In general, those who were not part of the "nomenklatura caste" (see paragraph 1) could count on a maximum of work with a salary of up to 150 rubles per month during their lives. Apart from food and basic clothing, this money could not afford anything . From the word at all.

In addition, such a nasty thing as "distribution" was at work in universities . After graduation, you were forcibly sent for several years to work in your specialty in some "territories of the Far North and areas equated to them", and nothing could be done about it. To give up and refuse - you will get a hell of a testimonial and a white ticket for life. Then you won't get a normal job.

In addition, many cities, including very large ones (for example, Sverdlovsk-Yekaterinburg or Nizhny Novgorod-Gorky), were closed . This meant that you, in fact, could not leave anywhere without permission, even to Moscow. Young people in closed cities had no prospects of mobility at all. And so lived a good half of the country's population.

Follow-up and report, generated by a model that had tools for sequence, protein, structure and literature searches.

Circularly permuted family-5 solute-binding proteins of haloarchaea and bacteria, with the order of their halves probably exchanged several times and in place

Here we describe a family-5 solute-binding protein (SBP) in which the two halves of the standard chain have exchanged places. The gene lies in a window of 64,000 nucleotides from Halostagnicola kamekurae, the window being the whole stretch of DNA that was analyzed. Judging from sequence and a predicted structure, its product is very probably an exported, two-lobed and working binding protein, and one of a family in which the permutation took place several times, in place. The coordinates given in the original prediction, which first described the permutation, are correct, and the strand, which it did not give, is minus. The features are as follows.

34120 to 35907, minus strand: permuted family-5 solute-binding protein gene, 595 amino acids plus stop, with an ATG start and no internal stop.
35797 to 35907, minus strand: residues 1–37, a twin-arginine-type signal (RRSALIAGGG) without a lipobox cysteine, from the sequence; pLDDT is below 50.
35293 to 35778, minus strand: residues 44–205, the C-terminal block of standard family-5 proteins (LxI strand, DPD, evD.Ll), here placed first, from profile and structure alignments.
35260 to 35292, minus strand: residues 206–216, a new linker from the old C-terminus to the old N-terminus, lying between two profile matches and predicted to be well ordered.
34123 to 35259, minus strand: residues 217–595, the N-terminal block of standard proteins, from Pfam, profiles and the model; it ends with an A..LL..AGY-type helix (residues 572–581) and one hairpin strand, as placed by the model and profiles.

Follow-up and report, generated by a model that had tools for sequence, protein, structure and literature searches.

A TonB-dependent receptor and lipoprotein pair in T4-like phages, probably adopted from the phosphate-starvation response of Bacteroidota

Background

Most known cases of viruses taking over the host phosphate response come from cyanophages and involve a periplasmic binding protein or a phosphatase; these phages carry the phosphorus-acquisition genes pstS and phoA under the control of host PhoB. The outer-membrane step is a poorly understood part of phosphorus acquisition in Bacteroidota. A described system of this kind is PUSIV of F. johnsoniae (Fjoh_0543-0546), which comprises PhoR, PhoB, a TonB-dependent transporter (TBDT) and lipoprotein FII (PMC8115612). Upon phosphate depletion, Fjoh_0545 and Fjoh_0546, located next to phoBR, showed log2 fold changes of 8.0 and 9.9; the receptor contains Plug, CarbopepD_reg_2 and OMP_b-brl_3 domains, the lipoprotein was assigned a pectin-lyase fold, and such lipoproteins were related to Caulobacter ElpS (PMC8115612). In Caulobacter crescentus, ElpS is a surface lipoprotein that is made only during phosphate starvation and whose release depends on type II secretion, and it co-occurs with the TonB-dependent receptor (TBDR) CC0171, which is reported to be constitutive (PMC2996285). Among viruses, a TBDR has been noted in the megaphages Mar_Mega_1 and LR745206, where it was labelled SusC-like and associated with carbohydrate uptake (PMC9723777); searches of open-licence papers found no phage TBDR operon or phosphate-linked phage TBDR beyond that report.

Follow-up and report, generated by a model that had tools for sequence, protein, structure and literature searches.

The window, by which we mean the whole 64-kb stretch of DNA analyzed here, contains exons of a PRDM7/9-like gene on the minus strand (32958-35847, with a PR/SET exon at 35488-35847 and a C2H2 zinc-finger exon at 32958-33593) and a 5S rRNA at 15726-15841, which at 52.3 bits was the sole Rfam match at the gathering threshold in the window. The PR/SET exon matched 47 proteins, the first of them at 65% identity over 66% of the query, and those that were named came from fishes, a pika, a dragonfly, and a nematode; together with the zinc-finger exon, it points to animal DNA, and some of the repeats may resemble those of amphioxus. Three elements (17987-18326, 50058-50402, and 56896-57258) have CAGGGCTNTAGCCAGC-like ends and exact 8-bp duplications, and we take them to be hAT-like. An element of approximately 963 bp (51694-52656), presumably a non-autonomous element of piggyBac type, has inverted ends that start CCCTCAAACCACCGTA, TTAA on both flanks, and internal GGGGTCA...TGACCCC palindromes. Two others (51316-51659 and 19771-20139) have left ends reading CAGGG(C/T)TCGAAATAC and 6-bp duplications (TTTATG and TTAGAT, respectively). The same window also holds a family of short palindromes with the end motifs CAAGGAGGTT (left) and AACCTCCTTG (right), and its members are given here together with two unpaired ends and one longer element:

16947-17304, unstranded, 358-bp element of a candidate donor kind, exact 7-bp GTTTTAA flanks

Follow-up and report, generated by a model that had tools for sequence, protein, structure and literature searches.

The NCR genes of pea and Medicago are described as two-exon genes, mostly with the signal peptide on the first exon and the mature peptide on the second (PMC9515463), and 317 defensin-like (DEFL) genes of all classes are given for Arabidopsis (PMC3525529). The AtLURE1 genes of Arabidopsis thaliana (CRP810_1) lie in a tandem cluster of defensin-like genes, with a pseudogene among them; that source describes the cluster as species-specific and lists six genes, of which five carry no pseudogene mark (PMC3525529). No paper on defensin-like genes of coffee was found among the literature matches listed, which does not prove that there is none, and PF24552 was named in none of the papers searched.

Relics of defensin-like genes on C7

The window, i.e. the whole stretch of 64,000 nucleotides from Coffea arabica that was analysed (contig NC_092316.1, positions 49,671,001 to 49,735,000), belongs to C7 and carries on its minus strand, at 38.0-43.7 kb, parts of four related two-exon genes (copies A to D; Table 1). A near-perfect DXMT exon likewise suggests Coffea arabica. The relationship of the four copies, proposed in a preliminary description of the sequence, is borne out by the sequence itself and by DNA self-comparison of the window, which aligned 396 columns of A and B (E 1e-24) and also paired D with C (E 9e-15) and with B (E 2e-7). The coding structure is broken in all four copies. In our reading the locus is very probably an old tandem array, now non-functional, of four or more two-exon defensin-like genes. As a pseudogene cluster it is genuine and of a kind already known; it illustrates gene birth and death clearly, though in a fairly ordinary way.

3. Make money as an entrepreneur or freelance? You're out of your mind.

It is with the collapse of the USSR that such things, without which the younger generation cannot imagine themselves now, became available. And then there were criminal articles - article 162 of the Criminal Code of the RSFSR for illegal fishing, article 88 of the Criminal Code of the RSFSR for currency speculation, the Decree of the Presidium of the Supreme Soviet of the USSR in 1961 "On strengthening the fight against persons evading socially useful labor and leading an antisocial parasitic lifestyle" (then they took a lot of regular updates of such decrees, especially under the ugly Andropov). Entrepreneurship in the USSR was an illegal criminal offense, freelance work was equated with parasitism and was also punished . And there was really nowhere to "freelance" - private IT firms, etc. simply did not exist and could not exist.